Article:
Francona has earned his lofty spot in Red Sox history
Over dinner, my wife tells me she cannot look at Terry Francona. She believes he has a kind face, and takes me at my word when I explain his welcoming, easy demeanor. But she cannot abide by Francona's dugout manners: wrapping a wad of chewing tobacco in a cocoon of bubble gum before stuffing the acrid combination into his mouth, doubling his Red Sox pullover as a bib.It is the manager's spit quotient alone that every summer forces a channel change from important Red Sox games (thank the stars for the miracle of DVR) to something less offensive, say, like "Law & Order," where a dead body introduces each episode.
Star systemAn hour before Francona will watch the Rays pound his Red Sox 9-1 in Game 3 of the ALCS, the televisions around the park show highlights of the Phillies and Dodgers, and the arriving Fenway crowd erupts in sporadic bursts for Manny Ramirez -- but over the four days that have comprised the ALCS, Terry Francona does not mention the name.
All you're doing most of the time is putting out fires and, sometimes, the most peace you have is when the game starts. Sometimes, that's not the most stressful part of the job. That's the most enjoyable part.
The treeIn football, they talk about coaching trees, the system of mentors and protégés that connects generations, which explains the professional origins of the successful ones. Jim Lee Howell produced Vince Lombardi and Tom Landry, and from Landry came Dan Reeves and Mike Ditka. Bill Walsh represented the tree trunk, and his branches included George Seifert, Mike Shanahan, Ray Rhodes and Mike Holmgren, who in turn mentored Andy Reid. They don't talk about trees so much in baseball, even though the game's roots twist and writhe back before the Spanish-American War. Before Game 1, the two Pennsylvanians, Maddon and Francona, embrace and offer mutual congratulations. Maddon's baseball roots can be traced back to around the time of the Great Depression. He is a disciple of Mike Scioscia, the Angels' manager, who coached under Tommy Lasorda, who coached under the professorial Walter Alston, who was a teammate of Leo Durocher, one of the original win-through-constant-pressure managers. Relationships and connections are the lifeblood of the professional side of the sport, determining not only who gets jobs, but once they get them, what tactics they bring to the dugout. Francona can trace his managing roots to another family dynasty, the Bells. Buddy Bell and Francona played together in Cincinnati. When Bell went to Cleveland, he hired Francona. Bell's dad Gus played for the 1953 Cincinnati Reds, who were managed by Rogers Hornsby. Hornsby is part of the richest soil in the game, the original power-hitting second baseman, who played for one of the game's early dynastic managers, Miller Huggins. But with Francona, there is virtually no perceptible stylistic road map linking him to his on-field influences. Instead, the connection to the influences in his life can be seen more with how he deals with people -- for a certain serenity now exists within Francona, a hard-won comfort that did not always exist.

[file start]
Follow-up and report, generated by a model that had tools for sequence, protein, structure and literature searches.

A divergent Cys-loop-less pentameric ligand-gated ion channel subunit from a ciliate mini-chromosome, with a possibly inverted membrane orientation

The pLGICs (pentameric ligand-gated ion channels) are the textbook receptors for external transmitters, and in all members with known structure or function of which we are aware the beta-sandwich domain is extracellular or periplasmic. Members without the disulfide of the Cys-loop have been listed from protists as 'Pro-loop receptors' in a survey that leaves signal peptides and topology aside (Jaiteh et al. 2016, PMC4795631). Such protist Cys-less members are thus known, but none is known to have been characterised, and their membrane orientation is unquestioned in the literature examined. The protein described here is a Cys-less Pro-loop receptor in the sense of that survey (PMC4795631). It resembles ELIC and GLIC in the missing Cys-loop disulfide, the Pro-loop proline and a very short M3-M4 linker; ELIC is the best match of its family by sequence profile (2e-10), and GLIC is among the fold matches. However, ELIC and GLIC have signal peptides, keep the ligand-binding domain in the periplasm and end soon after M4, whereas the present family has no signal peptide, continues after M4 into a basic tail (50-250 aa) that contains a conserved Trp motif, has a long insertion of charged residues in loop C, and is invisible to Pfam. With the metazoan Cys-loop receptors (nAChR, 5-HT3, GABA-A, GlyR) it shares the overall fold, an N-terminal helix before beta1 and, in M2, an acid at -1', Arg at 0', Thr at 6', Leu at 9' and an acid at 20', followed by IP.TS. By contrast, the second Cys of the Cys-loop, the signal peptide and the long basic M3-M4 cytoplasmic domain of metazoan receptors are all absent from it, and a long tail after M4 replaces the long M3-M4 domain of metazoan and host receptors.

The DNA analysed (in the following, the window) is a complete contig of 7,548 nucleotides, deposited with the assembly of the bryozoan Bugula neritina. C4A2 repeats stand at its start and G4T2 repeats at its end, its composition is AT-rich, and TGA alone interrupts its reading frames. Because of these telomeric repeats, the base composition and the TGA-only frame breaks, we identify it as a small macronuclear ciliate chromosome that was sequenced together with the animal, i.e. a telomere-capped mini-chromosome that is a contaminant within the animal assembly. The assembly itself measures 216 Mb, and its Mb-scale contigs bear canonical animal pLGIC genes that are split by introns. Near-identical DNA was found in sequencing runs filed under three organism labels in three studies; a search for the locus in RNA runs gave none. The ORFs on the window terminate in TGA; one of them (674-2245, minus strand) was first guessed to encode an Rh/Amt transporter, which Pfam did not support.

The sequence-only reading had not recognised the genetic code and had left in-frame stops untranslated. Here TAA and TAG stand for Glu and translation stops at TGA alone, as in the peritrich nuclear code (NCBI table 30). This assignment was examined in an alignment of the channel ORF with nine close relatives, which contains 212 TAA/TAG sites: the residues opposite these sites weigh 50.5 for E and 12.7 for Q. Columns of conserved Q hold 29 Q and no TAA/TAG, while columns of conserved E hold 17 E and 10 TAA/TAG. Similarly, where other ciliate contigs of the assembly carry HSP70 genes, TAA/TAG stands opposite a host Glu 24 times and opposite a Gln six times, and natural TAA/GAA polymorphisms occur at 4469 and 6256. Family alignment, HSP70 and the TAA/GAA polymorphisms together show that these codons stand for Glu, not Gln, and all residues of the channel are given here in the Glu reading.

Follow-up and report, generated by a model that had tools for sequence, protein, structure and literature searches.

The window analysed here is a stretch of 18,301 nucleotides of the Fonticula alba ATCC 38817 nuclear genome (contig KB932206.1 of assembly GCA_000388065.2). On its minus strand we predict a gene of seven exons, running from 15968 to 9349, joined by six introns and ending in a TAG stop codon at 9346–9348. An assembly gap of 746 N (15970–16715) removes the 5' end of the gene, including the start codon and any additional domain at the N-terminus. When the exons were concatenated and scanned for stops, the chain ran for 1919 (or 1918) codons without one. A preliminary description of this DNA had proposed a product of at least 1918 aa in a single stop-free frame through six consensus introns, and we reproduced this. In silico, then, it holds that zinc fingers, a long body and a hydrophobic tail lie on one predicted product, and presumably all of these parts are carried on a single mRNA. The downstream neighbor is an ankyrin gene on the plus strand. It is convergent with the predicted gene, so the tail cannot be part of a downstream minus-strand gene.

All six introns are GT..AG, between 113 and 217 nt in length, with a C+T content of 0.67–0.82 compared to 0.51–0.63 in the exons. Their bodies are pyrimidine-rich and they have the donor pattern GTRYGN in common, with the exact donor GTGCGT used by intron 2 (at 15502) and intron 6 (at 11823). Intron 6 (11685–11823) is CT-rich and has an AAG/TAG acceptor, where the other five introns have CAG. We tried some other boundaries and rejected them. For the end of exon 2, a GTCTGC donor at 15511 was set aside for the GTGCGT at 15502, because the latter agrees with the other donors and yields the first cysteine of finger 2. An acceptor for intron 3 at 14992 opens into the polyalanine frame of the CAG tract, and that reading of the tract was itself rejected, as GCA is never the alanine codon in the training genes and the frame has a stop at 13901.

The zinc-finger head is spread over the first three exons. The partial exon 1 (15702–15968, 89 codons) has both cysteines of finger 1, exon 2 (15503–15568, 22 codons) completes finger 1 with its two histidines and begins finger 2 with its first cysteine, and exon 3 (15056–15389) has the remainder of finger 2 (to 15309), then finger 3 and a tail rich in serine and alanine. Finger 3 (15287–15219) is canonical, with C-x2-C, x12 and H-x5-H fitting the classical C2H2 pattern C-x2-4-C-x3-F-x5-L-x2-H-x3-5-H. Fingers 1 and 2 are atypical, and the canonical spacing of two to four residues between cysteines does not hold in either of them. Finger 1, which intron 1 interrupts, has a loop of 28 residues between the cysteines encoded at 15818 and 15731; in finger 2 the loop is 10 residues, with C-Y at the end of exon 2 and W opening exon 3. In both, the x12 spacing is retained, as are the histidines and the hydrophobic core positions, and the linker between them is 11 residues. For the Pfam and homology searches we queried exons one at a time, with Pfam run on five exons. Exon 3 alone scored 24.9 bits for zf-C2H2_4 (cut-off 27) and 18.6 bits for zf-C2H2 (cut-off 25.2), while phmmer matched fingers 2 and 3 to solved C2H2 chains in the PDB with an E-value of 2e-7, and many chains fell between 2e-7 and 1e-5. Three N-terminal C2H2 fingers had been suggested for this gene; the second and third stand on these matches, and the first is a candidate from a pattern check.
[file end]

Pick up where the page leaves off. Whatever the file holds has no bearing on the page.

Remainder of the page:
I watch so much of him, and his touch with the players, how he worked hard at making sure he did a lot of talking in a group on the field. Terry's personality adapts very well, with the fans, the front office, the coaching staff, the players.
--Brad Mills, Francona's bench coach
Howard Bryant is a senior writer for ESPN.com and ESPN the Magazine. He is the author of "Juicing the Game: Drugs, Power and the Fight for the Soul of Major League Baseball" and of "Shut Out: A Story of Race and Baseball in Boston." He can be reached at Howard.Bryant@espn3.com.
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